Manson notes that many commentators believe property prices might fall in 2021, but this really depends on quite a few factors such as further lockdowns, roll out of vaccines, Brexit transition, mortgage rates remaining competitive and general supply of new stock coming to the market. He continues, “the North East property market generally does not see the dramatic peaks and troughs of other parts of the country and feel that price growth may slow a little but unlikely to drop.”
“From a confidence standpoint alone, I think no deal will reduce the number of people prepared to commit to further borrowing or upward moves, certainly until we are six to nine months into the new normal. With a deal I expect it might be similar to business as usual,” says Reynolds.
Bentley believes that Brexit will not affect the property market in Lincolnshire given the limited number of overseas purchasers - the same reason the introduction of the 2% surcharge will not really impact the local market.
According to Manson, it’s unlikely to effect the property market in the short term, in the longer term, house prices will be determined by the balance of supply of new housing and the demand for it and also interest rates will have a significant part to play.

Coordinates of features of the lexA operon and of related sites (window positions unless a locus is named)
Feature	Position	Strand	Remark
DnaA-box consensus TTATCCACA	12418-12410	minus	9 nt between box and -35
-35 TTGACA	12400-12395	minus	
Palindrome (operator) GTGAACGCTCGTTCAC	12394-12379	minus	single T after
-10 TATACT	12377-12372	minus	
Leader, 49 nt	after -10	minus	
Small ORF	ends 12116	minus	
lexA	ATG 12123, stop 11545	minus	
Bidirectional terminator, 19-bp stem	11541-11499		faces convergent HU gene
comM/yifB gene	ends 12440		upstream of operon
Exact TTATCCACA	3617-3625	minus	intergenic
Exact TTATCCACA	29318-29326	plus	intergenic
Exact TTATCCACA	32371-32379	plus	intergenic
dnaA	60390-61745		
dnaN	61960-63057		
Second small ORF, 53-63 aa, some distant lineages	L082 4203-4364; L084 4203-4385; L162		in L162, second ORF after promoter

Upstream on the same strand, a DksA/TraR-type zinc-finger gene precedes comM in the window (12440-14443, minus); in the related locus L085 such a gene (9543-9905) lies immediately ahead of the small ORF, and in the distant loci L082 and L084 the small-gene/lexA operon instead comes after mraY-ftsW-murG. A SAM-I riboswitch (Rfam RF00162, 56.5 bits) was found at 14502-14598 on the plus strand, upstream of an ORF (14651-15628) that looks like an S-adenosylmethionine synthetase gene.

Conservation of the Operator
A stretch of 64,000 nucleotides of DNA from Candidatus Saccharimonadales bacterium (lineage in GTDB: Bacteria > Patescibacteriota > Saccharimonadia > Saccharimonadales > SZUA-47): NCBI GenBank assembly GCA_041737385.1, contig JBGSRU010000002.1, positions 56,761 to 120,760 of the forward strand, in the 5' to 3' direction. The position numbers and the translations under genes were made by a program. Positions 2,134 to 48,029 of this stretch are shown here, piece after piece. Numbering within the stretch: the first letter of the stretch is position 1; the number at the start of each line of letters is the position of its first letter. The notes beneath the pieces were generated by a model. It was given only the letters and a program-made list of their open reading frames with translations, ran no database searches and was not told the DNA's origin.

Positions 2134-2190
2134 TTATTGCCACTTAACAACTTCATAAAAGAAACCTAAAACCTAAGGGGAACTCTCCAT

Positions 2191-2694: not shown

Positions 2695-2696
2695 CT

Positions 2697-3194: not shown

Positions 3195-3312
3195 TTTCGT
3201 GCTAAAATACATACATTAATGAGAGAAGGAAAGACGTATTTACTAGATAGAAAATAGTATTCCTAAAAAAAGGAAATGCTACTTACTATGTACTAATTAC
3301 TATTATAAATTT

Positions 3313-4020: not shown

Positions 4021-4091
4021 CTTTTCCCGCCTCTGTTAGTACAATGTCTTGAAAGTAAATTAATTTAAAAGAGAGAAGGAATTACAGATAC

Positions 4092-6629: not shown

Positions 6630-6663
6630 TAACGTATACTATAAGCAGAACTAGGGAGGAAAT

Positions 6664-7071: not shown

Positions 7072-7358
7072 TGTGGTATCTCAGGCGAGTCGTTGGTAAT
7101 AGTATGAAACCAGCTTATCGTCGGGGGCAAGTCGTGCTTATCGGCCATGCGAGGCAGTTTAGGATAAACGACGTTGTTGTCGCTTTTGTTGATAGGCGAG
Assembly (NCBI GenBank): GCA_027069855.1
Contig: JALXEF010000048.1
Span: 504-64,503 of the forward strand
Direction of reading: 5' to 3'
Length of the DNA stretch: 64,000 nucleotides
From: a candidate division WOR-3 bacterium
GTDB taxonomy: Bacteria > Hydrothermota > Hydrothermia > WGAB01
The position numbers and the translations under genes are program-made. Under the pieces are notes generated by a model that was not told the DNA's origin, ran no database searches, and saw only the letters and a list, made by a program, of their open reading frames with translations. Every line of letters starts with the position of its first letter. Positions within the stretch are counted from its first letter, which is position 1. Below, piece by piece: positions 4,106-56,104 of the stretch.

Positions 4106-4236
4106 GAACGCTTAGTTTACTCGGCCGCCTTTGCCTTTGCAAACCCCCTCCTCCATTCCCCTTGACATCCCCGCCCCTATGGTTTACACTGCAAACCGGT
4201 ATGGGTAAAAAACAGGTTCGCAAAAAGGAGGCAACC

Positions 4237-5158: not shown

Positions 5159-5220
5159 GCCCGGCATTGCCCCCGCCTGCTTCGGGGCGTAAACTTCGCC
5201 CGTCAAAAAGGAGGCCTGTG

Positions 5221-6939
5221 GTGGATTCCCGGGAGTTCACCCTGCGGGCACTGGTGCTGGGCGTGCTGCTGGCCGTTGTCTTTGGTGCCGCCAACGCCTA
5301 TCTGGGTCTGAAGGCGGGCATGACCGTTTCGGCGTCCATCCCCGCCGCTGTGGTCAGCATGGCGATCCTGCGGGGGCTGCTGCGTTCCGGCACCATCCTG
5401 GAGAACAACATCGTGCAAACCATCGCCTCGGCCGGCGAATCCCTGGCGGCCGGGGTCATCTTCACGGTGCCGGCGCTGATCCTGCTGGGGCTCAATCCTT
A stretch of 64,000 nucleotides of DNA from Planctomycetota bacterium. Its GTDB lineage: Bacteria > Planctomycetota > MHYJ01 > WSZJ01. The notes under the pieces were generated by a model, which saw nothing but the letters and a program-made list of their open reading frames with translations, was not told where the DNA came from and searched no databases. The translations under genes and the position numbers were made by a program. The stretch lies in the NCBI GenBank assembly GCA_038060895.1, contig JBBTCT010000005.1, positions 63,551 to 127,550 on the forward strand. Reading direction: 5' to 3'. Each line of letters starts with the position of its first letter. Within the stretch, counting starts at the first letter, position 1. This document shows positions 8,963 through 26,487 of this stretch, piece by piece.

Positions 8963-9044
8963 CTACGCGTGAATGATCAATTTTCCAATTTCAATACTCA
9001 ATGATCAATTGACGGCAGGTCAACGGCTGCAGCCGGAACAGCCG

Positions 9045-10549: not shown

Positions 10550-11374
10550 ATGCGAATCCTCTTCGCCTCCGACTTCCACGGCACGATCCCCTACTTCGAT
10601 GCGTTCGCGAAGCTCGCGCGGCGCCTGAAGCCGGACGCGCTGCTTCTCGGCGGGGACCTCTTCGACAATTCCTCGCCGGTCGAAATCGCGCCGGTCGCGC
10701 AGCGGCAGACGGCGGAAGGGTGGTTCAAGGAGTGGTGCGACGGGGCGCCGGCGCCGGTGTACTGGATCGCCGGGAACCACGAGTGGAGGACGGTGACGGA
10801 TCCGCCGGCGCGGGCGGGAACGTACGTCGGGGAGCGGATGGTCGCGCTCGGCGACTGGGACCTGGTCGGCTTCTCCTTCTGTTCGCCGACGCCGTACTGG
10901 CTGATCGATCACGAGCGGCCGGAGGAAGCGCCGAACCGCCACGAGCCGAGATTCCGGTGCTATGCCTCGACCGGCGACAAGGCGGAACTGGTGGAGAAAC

“Firstly, I think this is a positive step,” Reynolds comments. “Given the attraction to UK property as a safe investment and long-term gains if history repeats itself, I doubt it will make a huge difference overall. If someone with the money wants something, they buy it regardless. It may help stabilise prices in higher brackets for UK buyers to secure purchases that might otherwise have been out of reach.”
Manson agrees that the UK will remain an attractive investment haven for foreign investors. “There is no doubt that there will have been an increase in the number of transactions prior to the 2% surcharge on property purchases by overseas buyers coming into force from 1st April 2021. This will result in what will look like a sharp decline post April 2021, but the UK has always been a very attractive place to invest and depending which countries buyers are purchasing from, they may be able to absorb some of the 2% within the currency exchange trade,” he comments.